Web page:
Up to around 1890 the majority of Swedish emigrants came from rural areas and therefore had dose ties to farming. After that the number of urban emigrants, especially those from industrial centers, increased sharply. Statistics show that the ratio between these two emigrant groups during the greater part of...

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4. America for Sale

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pp. 51-56

Two sets of factors were responsible for the development of mass emigration. First were the push factors, represented by the deplorable conditions in nineteenth- and early twentieth-century Swedish society. The second were the pull factors, the dreams and promises that America had to offer and that were...

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5. They Sold America

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pp. 57-75

It was only natural that the federal government took an interest in the emigrant traffic. America was a large continent that could be populated only with help from other shores. This was the thrust of the liberal immigration legislation up to World...

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6. Bound for America

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pp. 76-87

The first emigrants who traveled in groups usually sailed directly to America from Sweden. Most of them left from Gothenburg, although others chose Gavle, Soderhamn, or Stockholm as ports of embarkation. Accommodations on board these sailing vessels were primitive to say the least. Passengers...

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7. Who Were They and Where Did They Settle?

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pp. 88-100

As used by the United States Bureau of Statistics, the term "Swedish Americans" designates persons who were born in Sweden and later came to America (first-generatlon immigrants) or persons who were born in this country to Swedish or part Swedish parents (second-generation immigrants). The statistical...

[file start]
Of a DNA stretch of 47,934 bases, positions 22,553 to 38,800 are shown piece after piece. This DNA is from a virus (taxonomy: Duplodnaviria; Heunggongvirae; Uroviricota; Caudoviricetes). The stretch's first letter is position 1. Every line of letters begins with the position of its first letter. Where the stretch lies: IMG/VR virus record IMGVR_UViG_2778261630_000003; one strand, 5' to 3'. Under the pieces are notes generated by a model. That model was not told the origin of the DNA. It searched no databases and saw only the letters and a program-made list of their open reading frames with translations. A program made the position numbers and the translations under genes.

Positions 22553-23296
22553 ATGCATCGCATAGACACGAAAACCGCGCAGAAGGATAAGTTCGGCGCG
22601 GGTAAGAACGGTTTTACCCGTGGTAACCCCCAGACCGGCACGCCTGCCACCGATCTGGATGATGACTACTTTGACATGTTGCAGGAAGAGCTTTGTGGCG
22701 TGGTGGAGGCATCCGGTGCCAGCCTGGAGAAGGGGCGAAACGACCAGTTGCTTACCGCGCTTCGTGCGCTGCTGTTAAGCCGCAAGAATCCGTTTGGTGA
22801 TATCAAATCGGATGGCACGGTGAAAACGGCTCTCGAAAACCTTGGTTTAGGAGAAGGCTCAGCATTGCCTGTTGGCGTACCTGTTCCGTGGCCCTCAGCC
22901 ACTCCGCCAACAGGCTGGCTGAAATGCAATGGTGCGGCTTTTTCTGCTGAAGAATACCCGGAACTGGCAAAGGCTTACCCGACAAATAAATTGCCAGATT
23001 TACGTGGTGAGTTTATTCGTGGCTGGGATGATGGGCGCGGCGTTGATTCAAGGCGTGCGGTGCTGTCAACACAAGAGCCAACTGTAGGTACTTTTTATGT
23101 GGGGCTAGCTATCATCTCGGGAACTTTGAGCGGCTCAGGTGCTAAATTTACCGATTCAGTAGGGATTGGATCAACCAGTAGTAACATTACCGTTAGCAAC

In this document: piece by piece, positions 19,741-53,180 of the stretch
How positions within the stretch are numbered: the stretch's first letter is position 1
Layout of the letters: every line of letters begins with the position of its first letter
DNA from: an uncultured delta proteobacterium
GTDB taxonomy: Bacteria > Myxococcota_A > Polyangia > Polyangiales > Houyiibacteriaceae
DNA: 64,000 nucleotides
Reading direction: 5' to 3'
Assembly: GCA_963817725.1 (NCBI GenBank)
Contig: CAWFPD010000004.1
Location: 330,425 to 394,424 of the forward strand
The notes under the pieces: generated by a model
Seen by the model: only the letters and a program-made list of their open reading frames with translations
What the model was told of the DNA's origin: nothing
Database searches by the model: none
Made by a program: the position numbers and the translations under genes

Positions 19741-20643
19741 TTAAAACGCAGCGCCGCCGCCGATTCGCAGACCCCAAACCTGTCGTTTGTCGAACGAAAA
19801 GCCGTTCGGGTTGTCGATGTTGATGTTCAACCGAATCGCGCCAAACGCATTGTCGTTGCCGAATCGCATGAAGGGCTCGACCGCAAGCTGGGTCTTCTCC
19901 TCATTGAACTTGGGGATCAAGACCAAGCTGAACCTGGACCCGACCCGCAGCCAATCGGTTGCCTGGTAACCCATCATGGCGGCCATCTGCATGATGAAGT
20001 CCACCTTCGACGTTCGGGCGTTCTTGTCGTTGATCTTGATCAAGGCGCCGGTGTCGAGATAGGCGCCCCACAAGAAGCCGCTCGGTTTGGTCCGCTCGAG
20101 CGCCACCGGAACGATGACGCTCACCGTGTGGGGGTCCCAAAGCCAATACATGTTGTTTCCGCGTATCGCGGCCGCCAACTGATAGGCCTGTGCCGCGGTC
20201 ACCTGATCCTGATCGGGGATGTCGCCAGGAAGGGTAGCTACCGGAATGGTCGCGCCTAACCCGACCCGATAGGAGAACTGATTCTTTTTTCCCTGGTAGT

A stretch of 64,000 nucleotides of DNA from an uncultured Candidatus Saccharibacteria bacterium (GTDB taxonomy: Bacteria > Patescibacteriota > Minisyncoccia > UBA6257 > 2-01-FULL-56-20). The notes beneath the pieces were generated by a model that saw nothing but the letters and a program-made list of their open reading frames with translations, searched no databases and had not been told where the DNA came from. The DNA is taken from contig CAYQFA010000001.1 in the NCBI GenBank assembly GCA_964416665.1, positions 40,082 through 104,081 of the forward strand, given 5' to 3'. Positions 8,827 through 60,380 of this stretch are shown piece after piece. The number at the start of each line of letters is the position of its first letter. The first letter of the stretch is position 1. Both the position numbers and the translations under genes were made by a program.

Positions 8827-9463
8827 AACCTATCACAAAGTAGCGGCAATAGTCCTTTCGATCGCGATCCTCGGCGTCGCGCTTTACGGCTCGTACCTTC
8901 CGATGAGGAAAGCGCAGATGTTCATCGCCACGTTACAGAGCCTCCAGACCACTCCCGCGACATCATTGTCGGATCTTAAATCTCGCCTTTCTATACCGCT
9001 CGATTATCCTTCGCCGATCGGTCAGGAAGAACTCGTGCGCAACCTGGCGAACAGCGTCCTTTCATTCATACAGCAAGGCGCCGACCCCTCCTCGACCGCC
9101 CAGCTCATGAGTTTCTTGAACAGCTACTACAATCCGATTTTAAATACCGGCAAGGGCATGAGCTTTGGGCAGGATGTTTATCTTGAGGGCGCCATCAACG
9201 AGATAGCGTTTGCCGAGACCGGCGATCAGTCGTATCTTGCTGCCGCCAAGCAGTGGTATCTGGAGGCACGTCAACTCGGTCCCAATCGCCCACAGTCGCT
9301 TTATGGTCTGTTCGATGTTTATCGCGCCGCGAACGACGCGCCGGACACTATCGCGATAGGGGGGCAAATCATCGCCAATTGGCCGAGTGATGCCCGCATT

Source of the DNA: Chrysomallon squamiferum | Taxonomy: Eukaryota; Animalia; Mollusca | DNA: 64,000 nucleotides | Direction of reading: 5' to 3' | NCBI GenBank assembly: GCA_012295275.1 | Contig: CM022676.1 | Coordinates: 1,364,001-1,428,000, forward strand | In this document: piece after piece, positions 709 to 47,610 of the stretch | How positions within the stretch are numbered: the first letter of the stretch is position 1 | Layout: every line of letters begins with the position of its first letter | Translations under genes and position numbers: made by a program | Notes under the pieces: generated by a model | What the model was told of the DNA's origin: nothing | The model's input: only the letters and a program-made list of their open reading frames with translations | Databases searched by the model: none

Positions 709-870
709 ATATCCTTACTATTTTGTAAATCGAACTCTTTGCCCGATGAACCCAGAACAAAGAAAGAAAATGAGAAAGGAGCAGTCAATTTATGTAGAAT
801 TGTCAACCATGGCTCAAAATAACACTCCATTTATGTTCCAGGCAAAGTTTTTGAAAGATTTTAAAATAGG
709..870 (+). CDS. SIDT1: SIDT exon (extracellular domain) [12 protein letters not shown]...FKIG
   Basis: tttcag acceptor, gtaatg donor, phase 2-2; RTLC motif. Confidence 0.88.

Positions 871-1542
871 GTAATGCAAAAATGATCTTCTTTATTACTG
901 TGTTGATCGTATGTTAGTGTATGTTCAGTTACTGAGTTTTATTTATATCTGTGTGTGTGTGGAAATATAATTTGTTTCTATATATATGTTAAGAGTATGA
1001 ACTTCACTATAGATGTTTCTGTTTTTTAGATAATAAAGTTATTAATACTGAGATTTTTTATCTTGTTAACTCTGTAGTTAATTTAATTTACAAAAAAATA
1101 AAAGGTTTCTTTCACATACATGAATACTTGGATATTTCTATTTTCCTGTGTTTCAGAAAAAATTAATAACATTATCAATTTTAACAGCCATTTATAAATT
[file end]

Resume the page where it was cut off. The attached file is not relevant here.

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8. Swedes Become Americans

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pp. 101-125

Before 1850 most Swedish Americans, like the majority of other immigrant nationalities, were strong supporters of the Democratic party, as the Democrats happened to be the most outspoken champions of immigrant interests in this country. The birth of the Republican party in the mid-1850s, however,...

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9. Americanization

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pp. 126-131

Many of America's immigrant groups, including the Swedes, have tended to pride themselves on their rapid assimilation to American life and culture. Researchers have approached the matter from a number of angles, and their findings challenge the validity of these claims. If, as sociologists maintain,...

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10. The Consequences of Emigration in Sweden

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pp. 132-144

A study of the impact emigration had on Swedish society demands attention to a whole range of questions-economic, social, political, cultural, religious, and others. A central question, however, concerns the official attitude toward emigration on the part of Swedish lawmakers and the ruling classes....

Annual Emigration from and Remigration to Sweden 1851-1940

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pp. 145-147


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pp. 148-151

Selected Bibliography

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pp. 152-159


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pp. 160-165

Author Bio

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p. 166-166


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pp. 167-180

Back Cover

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p. bc-bc

E-ISBN-13: 9780809380480
Print-ISBN-13: 9780809320479

Page Count: 192
Publication Year: 1996